Cofidis riders are being "held against their will" and "treated like plague victims" in the United Arab Emirates, says team president Thierry Vittu.
The final two stages of the UAE Tour were cancelled after two "suspected" coronavirus cases, with riders at the event then tested for the virus.
While the majority of teams have left the UAE, Cofidis are one of four still under lockdown.
"We always hope things will get better soon and nothing happens," Vittu said.
On Saturday, the organisers of the UAE Tour said all 167 people at the event who were put into quarantine, including British riders Chris Froome and Adam Yates, had returned negative tests for coronavirus.
But French teams Cofidis and Groupama-FDJ, the UAE team and Russian team Gazprom, who had a second test on Sunday, remain under quarantine in their hotel.
"I think that this situation is really not normal. We're being held against our will in a place we didn't choose and for an unknown length of time," Vittu said in a statement.
"It would be nice if the media would take over our situation, just to add pressure where necessary.
"When we meet someone from the hotel in the corridor, he runs away. We are treated like plague victims; our rooms have not been made since we arrived five days ago, we have to go in front of the elevator, there is a cart and we help ourselves with sheets, soaps and towels.
"That's the situation, some live it well, for others it's more complicated."
In a statement, the UCI, world cycling's governing body, said: "We've directly contacted government authorities and hopefully riders and staff will be able to leave the country today."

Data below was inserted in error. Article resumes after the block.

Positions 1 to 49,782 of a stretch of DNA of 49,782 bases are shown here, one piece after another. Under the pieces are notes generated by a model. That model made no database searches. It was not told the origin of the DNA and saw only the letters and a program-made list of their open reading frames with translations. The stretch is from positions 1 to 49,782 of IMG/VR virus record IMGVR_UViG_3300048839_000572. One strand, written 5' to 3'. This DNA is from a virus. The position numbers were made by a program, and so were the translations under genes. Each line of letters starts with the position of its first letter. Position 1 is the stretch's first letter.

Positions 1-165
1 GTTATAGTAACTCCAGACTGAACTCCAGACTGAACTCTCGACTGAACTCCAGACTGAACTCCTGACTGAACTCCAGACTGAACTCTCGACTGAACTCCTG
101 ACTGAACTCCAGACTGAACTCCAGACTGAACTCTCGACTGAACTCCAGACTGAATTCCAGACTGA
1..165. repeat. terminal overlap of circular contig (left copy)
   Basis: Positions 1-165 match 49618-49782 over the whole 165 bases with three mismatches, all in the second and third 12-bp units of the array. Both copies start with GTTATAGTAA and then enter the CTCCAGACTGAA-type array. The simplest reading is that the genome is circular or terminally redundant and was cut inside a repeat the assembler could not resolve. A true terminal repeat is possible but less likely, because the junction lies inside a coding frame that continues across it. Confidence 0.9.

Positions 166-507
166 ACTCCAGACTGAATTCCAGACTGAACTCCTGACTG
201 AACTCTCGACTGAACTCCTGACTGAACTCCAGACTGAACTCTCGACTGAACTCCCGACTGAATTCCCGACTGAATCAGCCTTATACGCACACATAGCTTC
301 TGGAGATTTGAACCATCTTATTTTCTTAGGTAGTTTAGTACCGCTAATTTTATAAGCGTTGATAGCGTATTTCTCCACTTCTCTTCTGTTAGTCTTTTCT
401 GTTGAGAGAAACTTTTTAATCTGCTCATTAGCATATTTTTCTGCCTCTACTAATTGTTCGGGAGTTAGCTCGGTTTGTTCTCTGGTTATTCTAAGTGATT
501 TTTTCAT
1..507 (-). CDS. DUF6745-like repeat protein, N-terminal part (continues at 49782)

'A hullabaloo for nothing'
Cofidis sporting director Roberto Damiani has reportedly threatened to go on hunger strike if the coronavirus quarantine does not end soon, while Australian rider Nathan Haas told BBC Radio 5 Live it all appears to be a "bit of a hullabaloo for nothing".
The 30-year-old, who excels in the early-season classics, said the situation is threatening to "derail" his season.
"From a professional perspective our team is really hurting because we're being disadvantaged when other teams have not been," said the former Tour of Britain winner.
"This is now five, six days without being able to touch a bike. It is already enough to completely derail the whole process.
"It's a strange situation. We are not really getting any information and that is the most frustrating part of the whole experience.
"You are following the news pattern of your story in the media as opposed to being told from your hotel. There are security guards everywhere and all the doors are shut.
"Our particular floor was where there were some suspected positive cases. The irony was, that everyone on this floor, which is three of the 18 teams at the race, were actually dining together for the first three days of the quarantine - sharing the same buffet room and public spaces.
"Anyone who could have been contact with us, which everyone was, has now left the UAE and travelled abroad. So it's very fortunate that everyone on the fourth floor has tested negative but if you look at the protocol you have to say it was not done very well because there could have been 600 people - potential positives - flying to everywhere in the world."